Whoosh—And Then It Was June!

The other day I was checking my March calendar for an upcoming dentist appointment but couldn’t find it. Then it dawned on me–OMG, it was already June.  This year is flying by in warp speed.  I don’t mind since it’s the year we finish the program so it’s ready to share, but still.  I can’t image where the last 2 years have gone.  One day I was at a meeting, agreeing to write a program on the traits, and now I am sitting here in the New York offices of Scholastic, looking at this magnificent work.  The staff at Scholastic has devoted night and day to creating Traits Writing since we first began.  The hard work shows; it’s simply beautiful.

Schools are wrapping up for the year and the requests for staff development are rolling in.  I’m excited to be in Long Island next week working with K-8 teachers.  Then in a couple of weeks I’ll be in Charleston, then Beaufort, South Carolina.  I’ll be in several places in Georgia in August – hot.  But writing is HOT.  Everywhere I go, teachers are working so hard to help their students with writing — and it’s making a difference.  Students write better now than they did 10 years ago.  We’ve got a good handle on why, too.  Traits, writing process, and writing workshop all rolled into one make a powerful instructional model at every grade.

I read a book the other day.  A real book.  Not an educational book – imagine.  It’s been about three years since I was able to do that.  Anne Lamott’s novel, Imperfect Birds.  If you love good writing and character studies, you might want to add this to your summer reading list.  Anne simply takes my breath away.  And on the children’s book front, I highly recommend Brian Selznick’s Wonderstruck.  It’s two stories, weaving time and pictures together until they become one at the end of 629 pages.  It won’t be released until September, but it’s worth the wait.  Would love to hear about what you are reading.   – Ruth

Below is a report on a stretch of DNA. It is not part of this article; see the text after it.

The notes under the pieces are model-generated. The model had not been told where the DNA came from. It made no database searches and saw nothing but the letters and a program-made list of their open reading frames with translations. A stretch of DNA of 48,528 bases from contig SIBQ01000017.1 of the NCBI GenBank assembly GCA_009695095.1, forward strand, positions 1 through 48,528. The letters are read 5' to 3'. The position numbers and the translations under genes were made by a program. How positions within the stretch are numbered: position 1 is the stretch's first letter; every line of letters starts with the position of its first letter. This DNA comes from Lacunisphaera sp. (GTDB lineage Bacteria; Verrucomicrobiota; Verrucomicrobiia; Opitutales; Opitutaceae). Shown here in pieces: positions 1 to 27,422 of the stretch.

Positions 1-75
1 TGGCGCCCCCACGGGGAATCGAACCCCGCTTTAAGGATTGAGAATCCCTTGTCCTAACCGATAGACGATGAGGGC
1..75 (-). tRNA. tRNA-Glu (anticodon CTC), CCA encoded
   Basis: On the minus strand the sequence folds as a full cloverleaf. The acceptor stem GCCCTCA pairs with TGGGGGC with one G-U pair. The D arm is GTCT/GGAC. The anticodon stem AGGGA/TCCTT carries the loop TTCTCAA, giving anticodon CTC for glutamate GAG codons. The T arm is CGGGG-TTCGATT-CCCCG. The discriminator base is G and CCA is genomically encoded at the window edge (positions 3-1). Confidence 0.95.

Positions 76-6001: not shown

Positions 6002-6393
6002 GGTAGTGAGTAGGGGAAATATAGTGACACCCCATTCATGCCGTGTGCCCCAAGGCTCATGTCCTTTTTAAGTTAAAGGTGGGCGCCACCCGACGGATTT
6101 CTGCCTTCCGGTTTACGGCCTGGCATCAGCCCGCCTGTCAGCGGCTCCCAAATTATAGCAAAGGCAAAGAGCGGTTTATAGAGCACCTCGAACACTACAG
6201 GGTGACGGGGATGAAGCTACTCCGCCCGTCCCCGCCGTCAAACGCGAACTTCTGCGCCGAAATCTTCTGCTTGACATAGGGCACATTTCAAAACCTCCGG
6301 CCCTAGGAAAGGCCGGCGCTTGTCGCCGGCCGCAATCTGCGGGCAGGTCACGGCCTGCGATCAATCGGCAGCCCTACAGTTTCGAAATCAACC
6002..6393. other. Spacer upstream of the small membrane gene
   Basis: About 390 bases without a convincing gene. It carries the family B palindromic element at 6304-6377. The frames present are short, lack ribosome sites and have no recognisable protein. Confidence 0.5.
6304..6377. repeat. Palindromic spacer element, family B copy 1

About Ruth Culham

RUTH CULHAM has written more than 40 books and best-selling resources illuminating both writing and the reading-writing connection for countless educators around the globe. Her groundbreaking work with the writing traits and writing from reading is the culmination of 40 years of research, practice, and passion. Ruth’s most recent books, The Writing Thief: Using Mentor Texts to Teach the Craft of Writing and Dream Wakers: Mentor Texts That Celebrate Latino Culture, are available from Stenhouse Publishers. She also conducts professional development for schools and districts and writes a regular column for The Reading Teacher.
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